LL: I know some parents actually transfer their kids at p3 to a school with affiliation. I would have thought that's rather traumatic for the kids!

Sorry lah, cannot reveal the school here, don't want to offend anyone! But if you're really keen to know, you can email me :)

Anonymous said...

haha Mon,...I am curious as a cat like LL. Perhaps you can let us know if it is a Christian or non-Christian school, co-ed or non co-ed, distance from the school, exactly the criterias you have shared for school selection. :P

monlim said...

Curiosity killed the cat, remember? LOL! Cannot lah, not politically correct to reveal even hints, haha.

Anonymous said...

ok already dead...LOL..

sorry that was me.


Puzzled by Puzzles! said...

As usual, very wise comments. So have u found the ideal school? I agree with looking past the academics (but must still be of a certain std lah... if not will get bad influence). I plan to look at the niche of the schools and see if they are of a good match for my kids.

Sue said...

Hi! I stumbled upon your blog and enjoy reading it because my child is in GEP P6 too so I can identify with a lot you say. Thanks for sharing your thoughts. I too am curious to know the secondary school and will email you separately. :)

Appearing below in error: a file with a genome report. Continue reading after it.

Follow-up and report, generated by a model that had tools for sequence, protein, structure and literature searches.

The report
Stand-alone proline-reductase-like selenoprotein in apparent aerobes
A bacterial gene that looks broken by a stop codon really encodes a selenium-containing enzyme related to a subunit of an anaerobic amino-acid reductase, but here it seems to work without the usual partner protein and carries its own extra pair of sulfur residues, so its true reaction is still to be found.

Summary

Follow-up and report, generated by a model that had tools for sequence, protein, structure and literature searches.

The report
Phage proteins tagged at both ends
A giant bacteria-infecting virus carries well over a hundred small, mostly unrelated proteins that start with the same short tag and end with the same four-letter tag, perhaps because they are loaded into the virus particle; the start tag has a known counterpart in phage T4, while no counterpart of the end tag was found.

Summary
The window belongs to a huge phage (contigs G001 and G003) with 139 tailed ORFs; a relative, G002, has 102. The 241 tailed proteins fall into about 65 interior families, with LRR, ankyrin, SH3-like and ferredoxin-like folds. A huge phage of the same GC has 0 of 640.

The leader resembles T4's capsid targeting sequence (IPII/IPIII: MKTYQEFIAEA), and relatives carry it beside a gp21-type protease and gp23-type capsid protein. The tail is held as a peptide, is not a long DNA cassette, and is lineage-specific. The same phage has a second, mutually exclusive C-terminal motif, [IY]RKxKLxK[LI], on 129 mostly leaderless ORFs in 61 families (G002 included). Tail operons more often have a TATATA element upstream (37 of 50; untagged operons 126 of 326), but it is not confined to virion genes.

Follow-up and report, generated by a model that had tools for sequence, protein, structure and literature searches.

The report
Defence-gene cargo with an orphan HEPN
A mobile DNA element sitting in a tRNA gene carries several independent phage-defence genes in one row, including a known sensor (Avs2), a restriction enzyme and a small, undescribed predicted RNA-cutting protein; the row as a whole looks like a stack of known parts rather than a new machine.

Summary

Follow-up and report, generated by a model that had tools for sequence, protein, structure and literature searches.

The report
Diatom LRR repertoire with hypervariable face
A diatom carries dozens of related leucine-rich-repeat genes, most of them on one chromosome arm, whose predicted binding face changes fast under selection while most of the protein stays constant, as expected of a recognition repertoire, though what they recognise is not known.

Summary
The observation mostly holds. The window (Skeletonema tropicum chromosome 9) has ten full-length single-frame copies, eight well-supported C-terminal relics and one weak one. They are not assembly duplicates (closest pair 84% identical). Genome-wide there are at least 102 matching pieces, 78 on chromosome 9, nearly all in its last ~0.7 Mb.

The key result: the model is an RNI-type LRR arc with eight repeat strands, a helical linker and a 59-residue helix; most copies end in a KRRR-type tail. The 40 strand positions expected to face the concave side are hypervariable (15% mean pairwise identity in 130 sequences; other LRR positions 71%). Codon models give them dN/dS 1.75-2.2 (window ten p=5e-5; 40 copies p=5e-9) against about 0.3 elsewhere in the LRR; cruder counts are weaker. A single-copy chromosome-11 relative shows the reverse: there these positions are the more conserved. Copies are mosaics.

monlim said...

Haha, the mums here are so, so kaypoh LOL!! Aiyah QX, if you cannot tahan then email me :)

S: We've identified a couple of schools Lesley-Anne will be applying to for DSA. I like the culture/ethos of these two. Praying very hard she'll get either of them!

Anonymous said...

How about you tell us which are the schools you have shortlisted for LA. Then we should be able to figure the school you are not considering. That should b quite easy :-) Ha Ha!


monlim said...

LL: LMAO that's as good as telling you what school it is, right!! Nope, my lips are sealed, L-A is undergoing DSA process now, don't know who will be lurking on this blog ;)

Lilian said...

This is getting to be so funny! I know I wouldn't find it that funny if I didn't already know which school it is :) My lips are sealed...